Captivation, False Connection and Secret Societies in Singapore

Abstract

Interminable ritual repetition of set movements (taolu) has resulted in Chinese martial arts facing trenchant criticism as being useless in fight sports, mixed martial arts, and actual combat. In Singapore, the neglect of body-callousing or conditioning methods in Chinese martial arts may render them unfit for unarmed combat. This led me to ask whether the entire edifice of set practice in the martial arts is based upon a false connection. Researching Hong Shen Choy Li Fut, a Chinese fighting style notoriously infested with gangsters in the red-light district of Singapore, I was informed that all Chinese martial arts and lion dance associations are triads. Nevertheless, even here I was shown curious dancelike interpretations for martial arts moves taught. Does the endless repetition of sets captivate the performer into a delusional belief that they are becoming a better fighter? Are the audiences of such sets, performed in dramatic rendition, similarly held captive in a false connection?

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DOI 10.18573/mas.48

Citation

Farrer, D.S. ‘Captivation, False Connection and Secret Societies in Singapore, Martial Arts Studies 5, 36-51.

Contributor

Douglas Farrer is Visiting Professor of Performance at the University of Plymouth, and Associate Professor of Anthropology at the University of Guam. He has conducted extensive field research in Singapore, Malaysia, and Guam. Dr. Farrer’s research interests include martial arts, sorcery, anthropology of performance, visual anthropology, sociology of religion, social theory and psychoanalysis. His publications include War Magic: Religion, Sorcery, and Performance [2016]; Martial Arts as Embodied Knowledge: Asian Traditions in a Transnational World [2011]; and Shadows of the Prophet: Martial Arts and Sufi Mysticism [2009].

Taolu

Abstract

The practice of taolu (tao4lu4, tào lù, 套路), the prearranged movement patterns of the Chinese martial arts, has been explained in fantastically diverse ways spanning a range of interpretations from the essential and functional to the narrative, theatrical and religious. Rather than trying to find a universal reason for the practice of taolu, this paper proposes to look at the idea of prearranged movement patterns through the lens of credibility and decipherability. These twin concepts, borrowed from the Great Reform movement in 20th century theatre practice, helpfully embrace both the criteria by which the performance of taolu is usually judged and also the deficiencies in our contemporary understanding of reasons behind this palimpsestic training method. As conceptual tools, credibility and decipherability also offer us insight into how the practice of prearranged martial movement patterns is presented and interpreted as a personal and phenomenological experience of embodied practice. This paper hopes to pragmatically present new perspectives from which the practice of taolu can be understood.

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DOI 10.18573/j.2017.10094

Citation

Mroz, Daniel. 2017. ‘Taolu: Credibility and Decipherability in the Practice of Chinese Martial Arts’, Martial Arts Studies 3, 38-50.

Contributor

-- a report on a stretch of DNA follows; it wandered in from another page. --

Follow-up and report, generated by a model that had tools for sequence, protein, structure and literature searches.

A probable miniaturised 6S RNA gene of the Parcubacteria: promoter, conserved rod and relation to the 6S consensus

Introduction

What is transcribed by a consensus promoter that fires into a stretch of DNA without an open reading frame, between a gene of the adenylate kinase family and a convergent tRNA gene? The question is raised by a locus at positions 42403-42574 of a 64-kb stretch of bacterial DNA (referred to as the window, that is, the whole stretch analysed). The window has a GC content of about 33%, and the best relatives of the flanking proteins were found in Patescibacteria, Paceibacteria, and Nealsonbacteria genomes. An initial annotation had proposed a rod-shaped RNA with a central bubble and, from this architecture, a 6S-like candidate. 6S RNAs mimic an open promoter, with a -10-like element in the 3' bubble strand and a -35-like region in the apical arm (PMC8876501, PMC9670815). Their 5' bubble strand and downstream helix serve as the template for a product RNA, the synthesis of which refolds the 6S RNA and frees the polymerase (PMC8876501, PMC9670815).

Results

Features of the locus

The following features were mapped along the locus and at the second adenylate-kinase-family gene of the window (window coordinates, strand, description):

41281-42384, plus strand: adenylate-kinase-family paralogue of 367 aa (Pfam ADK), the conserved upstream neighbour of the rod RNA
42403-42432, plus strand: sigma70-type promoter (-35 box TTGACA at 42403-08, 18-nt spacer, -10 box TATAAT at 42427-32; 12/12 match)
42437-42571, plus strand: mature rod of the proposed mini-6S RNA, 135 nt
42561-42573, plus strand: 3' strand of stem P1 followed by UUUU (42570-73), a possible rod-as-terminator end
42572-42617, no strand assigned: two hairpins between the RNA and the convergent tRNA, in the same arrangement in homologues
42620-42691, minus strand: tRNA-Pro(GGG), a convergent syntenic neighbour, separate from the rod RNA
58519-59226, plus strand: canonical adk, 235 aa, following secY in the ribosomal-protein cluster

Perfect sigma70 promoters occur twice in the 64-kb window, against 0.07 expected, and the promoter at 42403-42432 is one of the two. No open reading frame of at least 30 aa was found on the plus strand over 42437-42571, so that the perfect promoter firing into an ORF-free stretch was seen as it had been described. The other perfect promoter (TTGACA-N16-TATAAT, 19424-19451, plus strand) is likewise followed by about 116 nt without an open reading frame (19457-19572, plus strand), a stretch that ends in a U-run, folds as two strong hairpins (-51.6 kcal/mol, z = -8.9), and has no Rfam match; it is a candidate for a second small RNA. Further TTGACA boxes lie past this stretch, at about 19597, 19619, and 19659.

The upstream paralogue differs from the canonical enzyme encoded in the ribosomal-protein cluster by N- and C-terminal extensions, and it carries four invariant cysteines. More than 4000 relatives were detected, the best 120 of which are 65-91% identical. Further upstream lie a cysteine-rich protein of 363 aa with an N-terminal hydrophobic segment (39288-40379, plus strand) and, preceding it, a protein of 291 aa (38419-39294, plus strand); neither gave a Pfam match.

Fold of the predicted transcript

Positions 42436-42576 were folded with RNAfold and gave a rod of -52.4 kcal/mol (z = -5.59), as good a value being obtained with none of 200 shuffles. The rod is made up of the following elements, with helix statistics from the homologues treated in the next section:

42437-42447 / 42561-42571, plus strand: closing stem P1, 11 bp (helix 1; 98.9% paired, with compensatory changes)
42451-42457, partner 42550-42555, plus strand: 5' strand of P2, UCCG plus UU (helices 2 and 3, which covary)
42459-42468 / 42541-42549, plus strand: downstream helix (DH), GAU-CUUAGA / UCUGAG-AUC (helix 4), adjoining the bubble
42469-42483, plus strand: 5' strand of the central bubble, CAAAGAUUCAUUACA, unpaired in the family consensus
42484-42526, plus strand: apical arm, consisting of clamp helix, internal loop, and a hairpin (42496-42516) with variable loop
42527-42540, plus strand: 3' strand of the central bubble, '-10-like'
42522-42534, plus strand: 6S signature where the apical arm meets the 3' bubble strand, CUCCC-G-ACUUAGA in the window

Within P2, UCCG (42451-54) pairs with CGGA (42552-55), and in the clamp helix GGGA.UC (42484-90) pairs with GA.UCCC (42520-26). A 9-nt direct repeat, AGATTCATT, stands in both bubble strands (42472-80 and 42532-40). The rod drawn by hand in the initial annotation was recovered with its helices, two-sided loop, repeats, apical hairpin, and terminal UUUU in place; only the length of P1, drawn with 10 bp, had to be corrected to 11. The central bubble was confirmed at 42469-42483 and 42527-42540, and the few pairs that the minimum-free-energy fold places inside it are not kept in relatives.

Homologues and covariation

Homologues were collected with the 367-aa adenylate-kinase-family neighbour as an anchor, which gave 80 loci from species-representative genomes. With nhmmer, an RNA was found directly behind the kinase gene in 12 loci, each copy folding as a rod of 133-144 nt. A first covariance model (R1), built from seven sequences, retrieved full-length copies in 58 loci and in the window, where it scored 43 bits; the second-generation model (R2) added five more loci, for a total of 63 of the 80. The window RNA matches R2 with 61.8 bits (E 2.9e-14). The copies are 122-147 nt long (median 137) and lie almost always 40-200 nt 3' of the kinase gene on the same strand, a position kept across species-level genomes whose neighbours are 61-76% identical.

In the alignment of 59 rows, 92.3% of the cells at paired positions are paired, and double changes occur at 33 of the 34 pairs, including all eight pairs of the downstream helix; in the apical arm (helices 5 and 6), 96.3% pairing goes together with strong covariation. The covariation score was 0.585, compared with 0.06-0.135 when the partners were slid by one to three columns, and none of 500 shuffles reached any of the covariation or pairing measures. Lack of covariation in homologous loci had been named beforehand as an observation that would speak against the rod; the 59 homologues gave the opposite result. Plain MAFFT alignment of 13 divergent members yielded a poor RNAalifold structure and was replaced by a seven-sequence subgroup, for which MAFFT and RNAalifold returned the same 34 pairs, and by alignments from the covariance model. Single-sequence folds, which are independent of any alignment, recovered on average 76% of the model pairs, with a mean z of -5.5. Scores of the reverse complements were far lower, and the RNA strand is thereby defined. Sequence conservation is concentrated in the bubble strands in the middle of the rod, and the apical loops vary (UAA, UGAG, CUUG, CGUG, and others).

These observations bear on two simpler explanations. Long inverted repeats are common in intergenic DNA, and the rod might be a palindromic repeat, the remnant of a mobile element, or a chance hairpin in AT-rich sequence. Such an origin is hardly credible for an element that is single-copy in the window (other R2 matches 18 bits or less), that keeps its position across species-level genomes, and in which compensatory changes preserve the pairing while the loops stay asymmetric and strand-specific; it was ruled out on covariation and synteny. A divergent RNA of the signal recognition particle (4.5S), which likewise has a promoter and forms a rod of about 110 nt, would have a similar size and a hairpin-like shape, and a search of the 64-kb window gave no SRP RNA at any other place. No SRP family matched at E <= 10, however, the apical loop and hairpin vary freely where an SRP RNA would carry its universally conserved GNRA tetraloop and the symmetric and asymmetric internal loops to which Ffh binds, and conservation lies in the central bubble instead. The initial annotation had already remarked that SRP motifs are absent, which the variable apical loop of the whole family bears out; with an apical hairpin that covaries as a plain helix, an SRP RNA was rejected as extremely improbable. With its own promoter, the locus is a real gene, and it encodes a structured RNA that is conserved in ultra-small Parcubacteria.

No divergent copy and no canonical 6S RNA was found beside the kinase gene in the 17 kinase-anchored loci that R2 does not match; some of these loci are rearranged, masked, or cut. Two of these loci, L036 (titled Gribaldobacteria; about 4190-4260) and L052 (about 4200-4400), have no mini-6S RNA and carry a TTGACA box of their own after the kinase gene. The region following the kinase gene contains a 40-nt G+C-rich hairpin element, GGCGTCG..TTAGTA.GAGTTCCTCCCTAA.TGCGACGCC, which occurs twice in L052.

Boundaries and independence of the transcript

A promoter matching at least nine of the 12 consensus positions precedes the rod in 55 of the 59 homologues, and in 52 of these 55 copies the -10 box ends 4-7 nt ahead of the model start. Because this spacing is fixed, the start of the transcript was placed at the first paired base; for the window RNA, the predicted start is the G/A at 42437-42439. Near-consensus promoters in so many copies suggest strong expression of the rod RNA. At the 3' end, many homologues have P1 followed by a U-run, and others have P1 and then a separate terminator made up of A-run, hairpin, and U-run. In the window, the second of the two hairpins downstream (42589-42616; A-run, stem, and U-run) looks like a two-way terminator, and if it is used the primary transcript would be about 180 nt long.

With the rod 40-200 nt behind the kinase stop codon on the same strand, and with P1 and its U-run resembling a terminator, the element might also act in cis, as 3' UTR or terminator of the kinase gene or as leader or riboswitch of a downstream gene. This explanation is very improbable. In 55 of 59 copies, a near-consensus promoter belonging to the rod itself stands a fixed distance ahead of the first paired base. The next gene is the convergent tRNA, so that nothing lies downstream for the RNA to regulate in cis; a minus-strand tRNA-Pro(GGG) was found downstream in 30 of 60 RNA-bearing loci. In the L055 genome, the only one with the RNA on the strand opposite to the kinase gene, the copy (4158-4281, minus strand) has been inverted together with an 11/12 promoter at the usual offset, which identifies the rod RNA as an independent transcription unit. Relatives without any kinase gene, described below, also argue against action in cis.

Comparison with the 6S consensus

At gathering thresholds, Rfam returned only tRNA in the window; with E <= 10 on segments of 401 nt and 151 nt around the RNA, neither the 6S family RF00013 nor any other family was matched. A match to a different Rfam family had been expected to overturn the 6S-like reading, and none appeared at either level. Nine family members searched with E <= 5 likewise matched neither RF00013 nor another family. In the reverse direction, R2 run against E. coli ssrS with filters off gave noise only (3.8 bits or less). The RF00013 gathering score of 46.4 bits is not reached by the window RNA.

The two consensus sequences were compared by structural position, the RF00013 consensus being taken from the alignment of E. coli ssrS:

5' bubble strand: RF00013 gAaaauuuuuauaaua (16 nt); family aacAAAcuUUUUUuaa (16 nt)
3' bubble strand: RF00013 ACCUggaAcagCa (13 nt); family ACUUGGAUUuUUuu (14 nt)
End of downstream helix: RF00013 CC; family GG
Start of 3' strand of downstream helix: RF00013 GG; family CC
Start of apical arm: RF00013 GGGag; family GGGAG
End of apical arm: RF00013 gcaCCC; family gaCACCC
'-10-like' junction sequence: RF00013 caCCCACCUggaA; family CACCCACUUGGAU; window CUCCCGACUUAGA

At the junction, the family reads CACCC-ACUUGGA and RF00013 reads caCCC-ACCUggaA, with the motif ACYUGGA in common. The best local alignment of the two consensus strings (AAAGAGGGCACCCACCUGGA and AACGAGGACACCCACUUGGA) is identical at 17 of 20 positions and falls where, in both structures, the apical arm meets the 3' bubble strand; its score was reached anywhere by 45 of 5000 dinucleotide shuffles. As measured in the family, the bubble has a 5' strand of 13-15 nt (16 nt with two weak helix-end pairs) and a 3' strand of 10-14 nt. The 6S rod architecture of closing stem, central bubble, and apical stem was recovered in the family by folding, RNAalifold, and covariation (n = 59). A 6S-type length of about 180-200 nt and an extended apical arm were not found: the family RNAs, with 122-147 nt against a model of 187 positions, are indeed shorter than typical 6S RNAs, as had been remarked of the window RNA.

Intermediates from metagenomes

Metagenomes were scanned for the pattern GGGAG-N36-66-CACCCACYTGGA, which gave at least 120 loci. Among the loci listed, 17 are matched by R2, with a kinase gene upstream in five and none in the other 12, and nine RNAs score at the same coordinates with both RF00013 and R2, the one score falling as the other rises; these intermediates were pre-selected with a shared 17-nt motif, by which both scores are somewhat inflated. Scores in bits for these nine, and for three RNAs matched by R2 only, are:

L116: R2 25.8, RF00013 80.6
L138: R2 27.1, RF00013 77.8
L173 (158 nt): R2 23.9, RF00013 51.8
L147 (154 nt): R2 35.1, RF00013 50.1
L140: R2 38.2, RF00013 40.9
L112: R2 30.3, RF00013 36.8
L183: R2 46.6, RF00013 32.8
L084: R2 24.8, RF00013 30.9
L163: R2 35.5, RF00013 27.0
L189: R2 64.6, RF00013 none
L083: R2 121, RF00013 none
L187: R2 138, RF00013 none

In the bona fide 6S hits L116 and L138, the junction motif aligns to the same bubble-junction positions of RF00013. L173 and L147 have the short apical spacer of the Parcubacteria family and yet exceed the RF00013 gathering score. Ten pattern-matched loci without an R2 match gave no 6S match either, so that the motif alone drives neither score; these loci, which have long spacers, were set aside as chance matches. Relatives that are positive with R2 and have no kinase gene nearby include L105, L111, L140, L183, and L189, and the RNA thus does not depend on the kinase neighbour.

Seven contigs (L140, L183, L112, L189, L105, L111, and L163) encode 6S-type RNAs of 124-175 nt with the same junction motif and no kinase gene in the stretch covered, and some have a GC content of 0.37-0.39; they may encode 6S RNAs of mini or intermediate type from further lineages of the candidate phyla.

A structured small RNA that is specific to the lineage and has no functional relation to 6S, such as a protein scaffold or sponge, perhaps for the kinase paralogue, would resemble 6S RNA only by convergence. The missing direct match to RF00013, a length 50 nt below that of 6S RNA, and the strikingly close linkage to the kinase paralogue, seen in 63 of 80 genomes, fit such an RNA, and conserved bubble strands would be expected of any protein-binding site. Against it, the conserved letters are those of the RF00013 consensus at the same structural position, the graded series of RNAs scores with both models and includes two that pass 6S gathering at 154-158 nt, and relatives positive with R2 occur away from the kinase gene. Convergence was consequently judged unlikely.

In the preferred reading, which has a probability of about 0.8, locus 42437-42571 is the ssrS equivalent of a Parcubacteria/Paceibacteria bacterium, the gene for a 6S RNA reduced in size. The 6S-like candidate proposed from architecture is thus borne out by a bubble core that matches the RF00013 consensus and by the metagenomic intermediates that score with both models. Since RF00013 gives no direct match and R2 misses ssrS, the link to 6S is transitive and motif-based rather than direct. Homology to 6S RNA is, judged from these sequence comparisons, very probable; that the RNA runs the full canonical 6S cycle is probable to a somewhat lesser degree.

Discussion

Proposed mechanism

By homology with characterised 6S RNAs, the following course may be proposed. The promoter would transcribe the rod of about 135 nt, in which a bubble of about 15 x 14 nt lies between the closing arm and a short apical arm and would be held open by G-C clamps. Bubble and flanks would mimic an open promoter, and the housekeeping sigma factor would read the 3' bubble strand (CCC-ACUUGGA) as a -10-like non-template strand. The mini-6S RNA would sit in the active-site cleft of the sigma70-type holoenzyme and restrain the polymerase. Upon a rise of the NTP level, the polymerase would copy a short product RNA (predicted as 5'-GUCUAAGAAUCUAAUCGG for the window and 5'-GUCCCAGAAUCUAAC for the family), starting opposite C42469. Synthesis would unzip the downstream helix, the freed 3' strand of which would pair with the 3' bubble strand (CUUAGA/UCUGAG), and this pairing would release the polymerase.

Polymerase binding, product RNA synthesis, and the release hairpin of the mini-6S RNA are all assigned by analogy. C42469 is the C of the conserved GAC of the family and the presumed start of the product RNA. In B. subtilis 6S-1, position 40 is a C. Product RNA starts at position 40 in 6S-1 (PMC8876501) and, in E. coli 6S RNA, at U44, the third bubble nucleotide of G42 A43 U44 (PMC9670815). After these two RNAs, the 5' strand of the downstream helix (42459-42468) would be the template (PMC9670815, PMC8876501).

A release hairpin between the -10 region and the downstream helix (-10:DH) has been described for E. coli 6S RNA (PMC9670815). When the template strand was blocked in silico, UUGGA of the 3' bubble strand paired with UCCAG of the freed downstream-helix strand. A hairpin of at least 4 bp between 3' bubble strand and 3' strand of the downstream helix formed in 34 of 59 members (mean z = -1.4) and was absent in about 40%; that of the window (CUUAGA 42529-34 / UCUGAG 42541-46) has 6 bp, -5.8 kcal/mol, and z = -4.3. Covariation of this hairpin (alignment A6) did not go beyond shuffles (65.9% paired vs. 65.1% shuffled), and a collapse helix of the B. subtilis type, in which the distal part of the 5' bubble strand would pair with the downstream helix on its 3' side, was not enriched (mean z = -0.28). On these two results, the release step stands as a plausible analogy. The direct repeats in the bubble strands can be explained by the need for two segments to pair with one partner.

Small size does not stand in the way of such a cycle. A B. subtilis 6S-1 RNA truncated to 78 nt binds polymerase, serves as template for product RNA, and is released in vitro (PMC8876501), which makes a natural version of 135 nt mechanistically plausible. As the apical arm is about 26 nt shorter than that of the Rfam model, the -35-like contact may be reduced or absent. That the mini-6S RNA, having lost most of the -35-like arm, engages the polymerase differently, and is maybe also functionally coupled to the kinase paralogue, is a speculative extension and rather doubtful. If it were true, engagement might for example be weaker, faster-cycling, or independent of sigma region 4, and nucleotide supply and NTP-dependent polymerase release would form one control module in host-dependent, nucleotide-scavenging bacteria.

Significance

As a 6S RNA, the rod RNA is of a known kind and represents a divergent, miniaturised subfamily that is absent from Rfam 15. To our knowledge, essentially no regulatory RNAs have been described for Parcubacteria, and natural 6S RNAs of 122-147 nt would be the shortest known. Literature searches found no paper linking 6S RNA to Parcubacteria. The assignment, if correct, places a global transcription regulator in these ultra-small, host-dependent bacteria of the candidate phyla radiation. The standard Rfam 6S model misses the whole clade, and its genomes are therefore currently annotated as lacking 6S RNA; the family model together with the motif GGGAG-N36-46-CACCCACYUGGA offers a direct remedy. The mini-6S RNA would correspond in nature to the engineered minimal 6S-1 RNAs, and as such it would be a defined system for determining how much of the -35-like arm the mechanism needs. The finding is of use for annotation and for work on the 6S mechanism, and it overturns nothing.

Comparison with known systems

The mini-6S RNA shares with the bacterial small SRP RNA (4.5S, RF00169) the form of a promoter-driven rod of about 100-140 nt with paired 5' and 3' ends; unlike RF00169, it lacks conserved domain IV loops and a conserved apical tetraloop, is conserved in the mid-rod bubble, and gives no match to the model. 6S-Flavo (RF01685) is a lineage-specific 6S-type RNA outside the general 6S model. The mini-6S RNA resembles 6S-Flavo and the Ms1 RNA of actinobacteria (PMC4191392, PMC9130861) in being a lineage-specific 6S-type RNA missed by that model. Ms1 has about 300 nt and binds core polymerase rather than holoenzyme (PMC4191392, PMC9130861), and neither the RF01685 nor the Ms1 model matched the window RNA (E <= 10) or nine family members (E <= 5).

Daniel Mroz is a theatre director, university professor and student of the martial arts. His recent performances have been presented at the Canada Dance Festival and the Évènement Zones Théâtrales. The Dancing Word, his book on how to use the Chinese martial arts in the practice of contemporary theatre, is published by Brills. He studies martial arts with Chen Zhonghua and studied acting and directing with Richard Fowler. He holds a Doctorat en études et pratiques des arts from the Université du Québec à Montréal. He is Associate Professor in the Department of Theatre at the University of Ottawa
where he teaches acting and directing.

Efficacy and Entertainment in Martial Arts Studies

Abstract

Martial anthropology offers a nomadological approach to Martial Arts Studies featuring Southern Praying Mantis, Hung Sing Choy Li Fut, Yapese stick dance, Chin Woo, Brazilian jiu-jitsu, and seni silat to address the infinity loop model in the anthropology of performance/performance studies which binds together efficacy and entertainment, ritual and theatre, social and aesthetic drama, concealment and revelation. The infinity loop model assumes a positive feedback loop where efficacy flows into entertainment and vice versa. The problem addressed here is what occurs when efficacy and entertainment collide? Misframing, captivation, occulturation, and false connections are related as they emerged in anthropological fieldwork settings from research into martial arts conducted since 2001, where confounded variables may result in new beliefs in the restoration of behaviour.

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10.18573/J.2015.10017

Citation

Farrer, D.S. 2015. ‘Efficacy and Entertainment in Martial Arts Studies: Anthropological Perspectives’, Martial Arts Studies 1, 46-59

Contributor

Dr. Douglas Farrer is Head of Anthropology at the University of Guam. He has conducted ethnographic fieldwork in Malaysia, Singapore, Thailand, Hong Kong, and Guam. D. S. Farrer’s research interests include martial arts, the anthropology of performance, visual anthropology, the anthropology of the ocean, digital anthropology, and the sociology of religion. He authored Shadows of the Prophet: Martial Arts and Sufi Mysticism, and co-edited Martial Arts as Embodied Knowledge: Asian Traditions in a Transnational World. Recently Dr. Farrer compiled ‘War Magic and Warrior Religion: Cross-Cultural Investigations’ for Social Analysis. On Guam he is researching Brazilian jiu-jitsu, scuba diving, and Micronesian anthropology.

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